After six years belting out cheery musical tunes as Artie Abrams, Glee star Kevin McHale has crossed the pond for a change of direction. As host of Channel 4’s new comedy panel show Virtually Famous, the 26-year-old American actor will oversee team captains Seann Walsh and Chris Stark as they celebrate the weird and wonderful world of internet sensations.
We caught up with Kevin to chat cream teas, the joys of social media and life after Glee…
Welcome to British shores, Kevin. How’s Blighty treating you? Enjoying our fine cuisine?
It’s a cliché but I do actually like going to get high tea. The first time I ever came here four years ago, my old family friend who’s British came into my room and said we need tea. I didn’t know it was a thing where it comes in the different racks of sandwiches so ever since I’ve tried to get that as much as possible.
So, what can you tell us about Virtually Famous?
It’s like a regular panel show in terms of how it’s run but the content is completely different. We show the biggest videos, tweets and vines that went viral and sometimes we actually bring the people behind those huge videos into the studio and talk to them and play games based around that. We get to meet these online legends.
Are you relishing the chance to play boss?
I’m not used to being a host. We don’t have panel shows in the States so this is such a different thing for me to be doing. To me, hosting is doing an awards show or something like American Idol or X Factor – a little more straightforward. Whereas with this, I just get to sit there and laugh at the comedians and celebrities who come on the show and watch these hilarious videos. It feels like what I would do in regular life with all my friends but we happen to be recording it.
So, now you’re well-versed in British humour, whose is weirder? Ours or America’s?
I think the British sense of humour is a lot funnier – it’s a lot dryer, smarter and more sarcastic. The US does have that sometimes but I think the majority of it is a bit slapstick – a bit over the top or obvious to me. That was a big selling point for me coming over because I’ve always loved British humour. To me, the dryer the better. I love when people can’t even tell you’re kidding.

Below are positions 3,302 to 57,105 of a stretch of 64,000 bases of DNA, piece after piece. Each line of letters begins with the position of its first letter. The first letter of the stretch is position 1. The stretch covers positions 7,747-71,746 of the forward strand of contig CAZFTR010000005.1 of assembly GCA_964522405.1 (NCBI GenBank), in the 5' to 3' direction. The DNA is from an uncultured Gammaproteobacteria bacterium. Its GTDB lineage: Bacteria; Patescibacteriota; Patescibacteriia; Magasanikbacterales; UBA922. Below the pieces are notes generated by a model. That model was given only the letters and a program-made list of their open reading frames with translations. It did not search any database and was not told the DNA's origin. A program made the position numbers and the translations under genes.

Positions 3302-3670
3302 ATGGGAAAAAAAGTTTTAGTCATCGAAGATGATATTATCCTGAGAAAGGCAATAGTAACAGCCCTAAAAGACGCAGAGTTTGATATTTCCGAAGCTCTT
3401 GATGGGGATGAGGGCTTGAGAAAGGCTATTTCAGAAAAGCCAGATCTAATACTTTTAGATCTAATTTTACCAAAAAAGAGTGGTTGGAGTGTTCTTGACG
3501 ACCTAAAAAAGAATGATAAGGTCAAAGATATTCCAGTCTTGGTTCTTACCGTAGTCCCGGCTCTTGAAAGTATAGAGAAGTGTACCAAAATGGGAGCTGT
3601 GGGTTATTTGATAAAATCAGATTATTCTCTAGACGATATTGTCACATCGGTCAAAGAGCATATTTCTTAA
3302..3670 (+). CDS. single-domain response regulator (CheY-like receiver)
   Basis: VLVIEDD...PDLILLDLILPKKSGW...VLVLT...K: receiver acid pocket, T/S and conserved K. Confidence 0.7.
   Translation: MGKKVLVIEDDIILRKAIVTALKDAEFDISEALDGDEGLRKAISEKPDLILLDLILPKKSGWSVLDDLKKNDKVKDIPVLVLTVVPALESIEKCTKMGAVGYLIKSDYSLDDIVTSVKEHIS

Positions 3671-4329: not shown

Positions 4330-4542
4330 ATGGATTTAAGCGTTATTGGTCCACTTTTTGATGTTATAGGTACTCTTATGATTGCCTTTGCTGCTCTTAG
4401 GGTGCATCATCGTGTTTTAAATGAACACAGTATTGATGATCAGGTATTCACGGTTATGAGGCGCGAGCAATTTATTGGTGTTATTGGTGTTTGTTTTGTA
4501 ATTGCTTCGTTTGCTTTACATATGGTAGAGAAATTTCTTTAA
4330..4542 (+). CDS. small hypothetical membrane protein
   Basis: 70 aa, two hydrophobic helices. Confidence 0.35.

Glee made musical theatre cool again (something this Les Misérables aficionado is very grateful for) – you must be proud to have been part of that?
Yes, completely. When we started it we were hoping people felt that way. When it first came out, it wasn’t huge from the get-go. It took a couple of months and it was basically by word of mouth. It’s a testament to Ryan Murphy and everybody who put the show together because they really did create something special. When you’re doing something like that and people are responding in such an overwhelmingly positive way, it makes you feel great about what you’re doing. It’s not an easy show to do and the crew worked their asses off and we worked our asses off and it’s nice when people are so into it and still so passionate about it. It went above and beyond anything we could have imagined.
When you head back to film the sixth and final series (*sob*) this July, the cast is slimming down to focus on the originals – does it feel good to finish where you started?
It’ll be nice to end the show in a full circle kind of way where we all come back together. Because we worked our asses of at the beginning of that show, even just promoting it, and it’ll be a bittersweet thing to be coming to an end so it’ll be nice to all be together for it.
Are you ready to say goodbye to Artie?
In some ways yes, in some ways no. I can’t imagine not doing it – it’s going to be weird. I’ve been doing it for going on six years so that will be the biggest change when I don’t have to go there every day and get in my wheelchair. But at the same time, the show has given all of us amazing opportunities and we’ve gotten to experience a wide variety of once-in-a-lifetime, amazing things. All good things must come to an end. We knew two years ago it was going to end in the sixth season so we could mentally wrap our heads around it and I think we’re ready for it. It’s the right time.
A world without Glee is a dark, dark place. D’you reckon you’ll reunite one day in the future?
There definitely won’t be anything soon because we’re still not done. We’ve always joked about when we’re fifty we’ll have a reunion tour, although nobody’s going to want us to sing Don’t Stop Believing after that long. I definitely won’t rule out anything.
Do you have plans to stay here in the UK or are you scooting off home to sunnier climes?
I’m here for the show – I’ve got to see a lot of my friends and hang out which has been really nice but after that I’m going to head back home.
And finally, give us three words to describe Virtually Famous…